After flowering, blackberries will take 45-60 days to produce fruit. But remember, pollination has to be successful before fruit formation begins.
Thankfully, blackberry bushes and vines are self-fertile. As such, you don’t need a male and female plant for pollination.
Additionally, blackberries are a great attraction for pollinators, so once the flowers bloom, they’ll attract different pollinators to the flower, increasing the chances of fertilization and making it easier. Other plants in the garden can also benefit from these pollinators.
The blackberry fruiting season will last from mid to late summer (from July to September). The good thing is that the period lasts long. You can pick berries 2-3 weeks before fruit production stops on the plant.
Like raspberries, blackberries have seeds, so before consuming them, be prepared to manage with these tiny seeds under your teeth.
The advancement of science and research has made some commercial growers produce blackberries with very tiny seeds you can hardly feel!
Harvesting your fruits may seem like a pretty straightforward activity. After all, it’s just removing the fruit from the plant. But how exactly do you pick the blackberries without interfering with either the fruit or plant?
The first thing you need to know is that the fruit of this plant won’t ripen further once it has been picked, so you should be absolutely sure your blackberries are ready for picking.
One common mistake is assuming that once the berries turn black, they have ripened and are ready for picking, but this is far from the truth.
Such berries aren’t completely ripe yet, and consuming them will leave you with a bitter taste.
Pro tip: Once the strawberry turns black, wait 3-4 days before picking them for the sweetest taste.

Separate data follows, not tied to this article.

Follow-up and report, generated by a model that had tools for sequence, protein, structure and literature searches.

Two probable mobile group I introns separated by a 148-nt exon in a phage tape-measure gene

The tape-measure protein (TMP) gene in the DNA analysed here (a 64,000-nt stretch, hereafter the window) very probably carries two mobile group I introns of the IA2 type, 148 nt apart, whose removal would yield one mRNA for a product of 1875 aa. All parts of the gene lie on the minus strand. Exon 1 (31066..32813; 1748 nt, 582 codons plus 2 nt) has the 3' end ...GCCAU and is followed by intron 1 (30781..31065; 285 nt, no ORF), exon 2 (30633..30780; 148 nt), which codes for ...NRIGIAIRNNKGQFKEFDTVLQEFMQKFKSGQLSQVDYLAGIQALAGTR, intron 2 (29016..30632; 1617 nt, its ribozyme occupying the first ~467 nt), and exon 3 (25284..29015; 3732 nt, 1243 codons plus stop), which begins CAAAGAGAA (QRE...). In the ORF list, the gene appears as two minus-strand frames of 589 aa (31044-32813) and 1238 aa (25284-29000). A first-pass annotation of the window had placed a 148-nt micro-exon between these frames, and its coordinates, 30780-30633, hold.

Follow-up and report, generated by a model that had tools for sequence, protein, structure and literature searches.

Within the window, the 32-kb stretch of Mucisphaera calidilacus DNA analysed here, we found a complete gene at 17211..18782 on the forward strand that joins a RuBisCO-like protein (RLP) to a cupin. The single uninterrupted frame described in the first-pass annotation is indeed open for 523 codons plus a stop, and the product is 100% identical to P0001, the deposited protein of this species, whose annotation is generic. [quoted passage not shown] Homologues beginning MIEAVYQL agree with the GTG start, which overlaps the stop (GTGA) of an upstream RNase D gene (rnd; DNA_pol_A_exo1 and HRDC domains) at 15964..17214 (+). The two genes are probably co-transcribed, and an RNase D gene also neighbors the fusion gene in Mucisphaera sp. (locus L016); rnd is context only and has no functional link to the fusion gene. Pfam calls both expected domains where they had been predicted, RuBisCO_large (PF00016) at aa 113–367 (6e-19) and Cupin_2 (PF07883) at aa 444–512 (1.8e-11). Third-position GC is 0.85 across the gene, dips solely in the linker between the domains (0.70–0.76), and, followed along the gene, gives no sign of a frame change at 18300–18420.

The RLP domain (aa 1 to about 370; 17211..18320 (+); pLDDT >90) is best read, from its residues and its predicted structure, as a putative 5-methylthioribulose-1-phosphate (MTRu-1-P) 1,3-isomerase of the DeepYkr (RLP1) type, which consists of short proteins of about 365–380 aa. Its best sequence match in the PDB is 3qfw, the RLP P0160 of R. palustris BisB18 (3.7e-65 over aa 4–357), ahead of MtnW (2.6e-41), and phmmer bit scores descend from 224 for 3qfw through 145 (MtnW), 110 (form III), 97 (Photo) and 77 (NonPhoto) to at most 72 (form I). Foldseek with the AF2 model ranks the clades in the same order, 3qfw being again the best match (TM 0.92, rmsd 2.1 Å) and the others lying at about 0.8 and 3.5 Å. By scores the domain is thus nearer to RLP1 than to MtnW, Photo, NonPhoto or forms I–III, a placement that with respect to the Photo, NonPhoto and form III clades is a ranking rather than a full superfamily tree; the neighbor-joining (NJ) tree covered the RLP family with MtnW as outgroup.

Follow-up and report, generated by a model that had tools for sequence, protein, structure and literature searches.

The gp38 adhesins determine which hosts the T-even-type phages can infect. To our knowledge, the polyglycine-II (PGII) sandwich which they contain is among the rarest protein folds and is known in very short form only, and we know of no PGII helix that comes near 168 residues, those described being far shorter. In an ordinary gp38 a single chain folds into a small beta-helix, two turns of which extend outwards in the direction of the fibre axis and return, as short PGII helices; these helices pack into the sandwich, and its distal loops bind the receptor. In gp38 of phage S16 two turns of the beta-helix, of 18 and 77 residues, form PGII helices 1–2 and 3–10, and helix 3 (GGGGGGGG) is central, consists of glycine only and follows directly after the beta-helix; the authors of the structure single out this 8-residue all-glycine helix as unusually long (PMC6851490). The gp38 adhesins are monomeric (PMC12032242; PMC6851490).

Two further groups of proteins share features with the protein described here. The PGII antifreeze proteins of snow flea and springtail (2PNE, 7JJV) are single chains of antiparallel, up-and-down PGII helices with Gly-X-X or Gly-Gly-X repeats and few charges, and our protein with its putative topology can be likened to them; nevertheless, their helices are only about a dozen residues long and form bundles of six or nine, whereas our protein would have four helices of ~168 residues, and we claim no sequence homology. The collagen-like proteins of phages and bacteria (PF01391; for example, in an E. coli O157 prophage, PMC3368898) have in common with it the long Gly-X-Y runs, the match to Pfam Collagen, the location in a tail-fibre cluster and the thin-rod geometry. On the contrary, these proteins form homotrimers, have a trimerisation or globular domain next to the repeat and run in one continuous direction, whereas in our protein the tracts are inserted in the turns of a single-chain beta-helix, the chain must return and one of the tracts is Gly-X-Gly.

The best time for harvesting your berries, or any fruit and vegetable, is early morning. This way, the berries are freshest since the plant hasn’t lost water due to high heat levels.
If picking the fruits early in the morning isn’t possible, you can also do it in the evening once the plants have recovered from the hot midday heat.
After picking your fruits and probably having your fill of them, you’ll be left wondering, “What do I do with all this produce?”
Well, you can store some for future use. Who knows, maybe you may get interested in baking pies or blending juice!
Blackberries can last for about a day when left in the open air. To increase the shelf life even further, you can wash and refrigerate them. This way they can last for about 2-3 days.
Of course, the best way to store them long-term for future use is to freeze them and thaw them only when you’re ready to eat or use some.
One of my favorite things to do when I have enough blackberries is make blackberry jam. I use a fairly simple recipe that you can try.
Simply mash some blackberries in a bowl and cook them in a pan on low heat. Then add some sugar and lemon juice. Stir the pan such that all the sugar dissolves, and let the mixture boil for about 20 minutes, and there you have it! Your homemade blackberry jam!
Depending on the amount of blackberries you use, you may need to boil the mixture for a longer period.
How To Plant And Grow Blackberries
Before planting blackberries, you first have to decide on the variety you’ll grow. There are thorn or thornless varieties, erect, semi-erect, and trailing blackberries.
One of the most popular blackberries ideal for eating raw or baking cakes is the Triple Crown Cultivar, a semi-erect and thornless variety.
The Prime-Ark Freedom cultivar is the perfect choice if you prefer an erect and thornless variety.
You can try a trailing variety such as the Pacific blackberry to add even more variety to your garden. Even though it has the tiniest of fruits among the three, they are equally as delicious.
When choosing a variety, consider the climatic conditions of your area or the USDA zone since not all varieties can handle harsh cold climates.
How to Plant Blackberries
The trailing and semi-erect blackberry varieties require some support as they grow, while the erect varieties can grow without such support. Place some trellises on the soil if your variety needs support.
Another important thing to take note of is the spacing and location of the brambles. Blackberry plants need to be well-spaced so they can grow and spread easily. They also need plenty of sunlight, which helps sweeten the fruits.